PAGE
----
On 21 January 2015, Spain will be reviewed by the United Nations Human Rights Council (HRC) for its second Universal Periodic Review (UPR). It was previously reviewed by the HRC in 2010.


The UPR is the main mechanism used by the HRC to assess the human rights situation of every state. States are reviewed every four years. If you’d like to learn more about it, watch our webinar on the HRC and the UPR.

The NGO panel for the UPR pre-session on Spain

The NGO panel for the UPR pre-session on Spain

Before each review, Geneva-based NGO UPR-Info organises a pre-session for civil society organisations (CSOs). This gives them the opportunity to share their assessment of the human rights situation and accomplishments in the country under review. It also gives the opportunity for CSOs to suggest recommendations that UN Member States can endorse, since only Member States participate in the UPR itself.

WILPF’s Human Rights programme monitored the pre-session on Spain, and WILPF Spain took the floor to share its recommendations.


Both Amnesty International Spain and WILPF Spain expressed great concern over the impunity and the lack of investigations on the crimes and violations committed during the Franco regime.

Amnesty International denounced the lack of collaboration of the Spanish authorities with the investigations in Argentina, and urged Spain to investigate these past crimes under international law and thus bring truth, justice and reparations to the victims.

WILPF Spain suggested that a truth commission be created and implemented in order to investigate these specific violations.


One of the major concerns regarding human rights in Spain is the treatment of undocumented migrants and asylum seekers. According to the Human Rights Institute of Catalonia, it is urgent that Spain puts an end to collective and immediate expulsions, and ensures a free and universal healthcare system for all residents in the Spanish territory.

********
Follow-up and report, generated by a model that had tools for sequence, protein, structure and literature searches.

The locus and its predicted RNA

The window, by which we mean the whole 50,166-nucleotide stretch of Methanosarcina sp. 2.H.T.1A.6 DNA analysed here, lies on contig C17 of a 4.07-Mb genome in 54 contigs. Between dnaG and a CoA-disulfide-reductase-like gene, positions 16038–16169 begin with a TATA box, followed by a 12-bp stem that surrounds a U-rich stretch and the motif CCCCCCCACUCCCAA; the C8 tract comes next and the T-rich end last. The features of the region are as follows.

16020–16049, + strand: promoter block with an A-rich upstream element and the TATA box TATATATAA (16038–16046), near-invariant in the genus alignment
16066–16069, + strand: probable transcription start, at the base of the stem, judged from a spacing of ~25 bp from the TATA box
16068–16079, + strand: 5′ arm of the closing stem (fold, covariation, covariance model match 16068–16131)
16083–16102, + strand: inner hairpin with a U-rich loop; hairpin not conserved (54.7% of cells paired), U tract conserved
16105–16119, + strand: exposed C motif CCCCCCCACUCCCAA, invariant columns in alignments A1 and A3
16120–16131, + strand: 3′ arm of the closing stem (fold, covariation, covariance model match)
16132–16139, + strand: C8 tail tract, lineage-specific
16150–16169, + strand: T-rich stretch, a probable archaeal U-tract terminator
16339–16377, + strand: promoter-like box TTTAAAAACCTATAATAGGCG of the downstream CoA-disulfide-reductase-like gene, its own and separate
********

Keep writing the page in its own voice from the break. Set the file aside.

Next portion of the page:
Generally speaking, all Spanish residents’ economic, social and cultural rights should be guaranteed and protected. Indeed, most NGOs present at this pre-session highlighted the fact that the situation in Spain has drastically changed since the previous review in 2010. At the previous UPR, economic, social and cultural rights were barely mentioned, while there is now an urgent need to address and prioritise them.


In our recommendations, we addressed a broad range of topics. Among others, WILPF Spain denounced the decrease in quality of care services to women victims of gender based violence, and urged the Spanish authorities to assign sufficient resources for comprehensive protection measures.

WILPF Spain stressed that if budget cuts affect human rights, and women’s rights in particular, the economic recession is not the only reason behind Spain’s lack of action. There is also a lack of political will from the Spanish authorities.

In addition, WILPF expressed concern on the high judicial fees that impede equal access to justice, and we emphasised the necessity to strictly control arms sales to countries where there is risk of weapons being used to violate human rights.

We shared these recommendations widely with states representatives in Geneva, so we now hope that some of them will endorse our recommendations during the actual review of Spain that will take place in January 2015.

For more information, read WILPF’s recommendations for the UPR of Spain.

Para más información, lee las recomendaciones de WILPF para el EPU de España.


The UPR of Spain will take place on 21 January 2015. WILPF’s Human Rights programme will attend the session and will keep you posted on the outcome of the review. Don’t forget to keep an eye on our website and to follow us on Facebook and Twitter. To get the latest news directly to your inbox, subscribe to our Human Rights programme newsletter.

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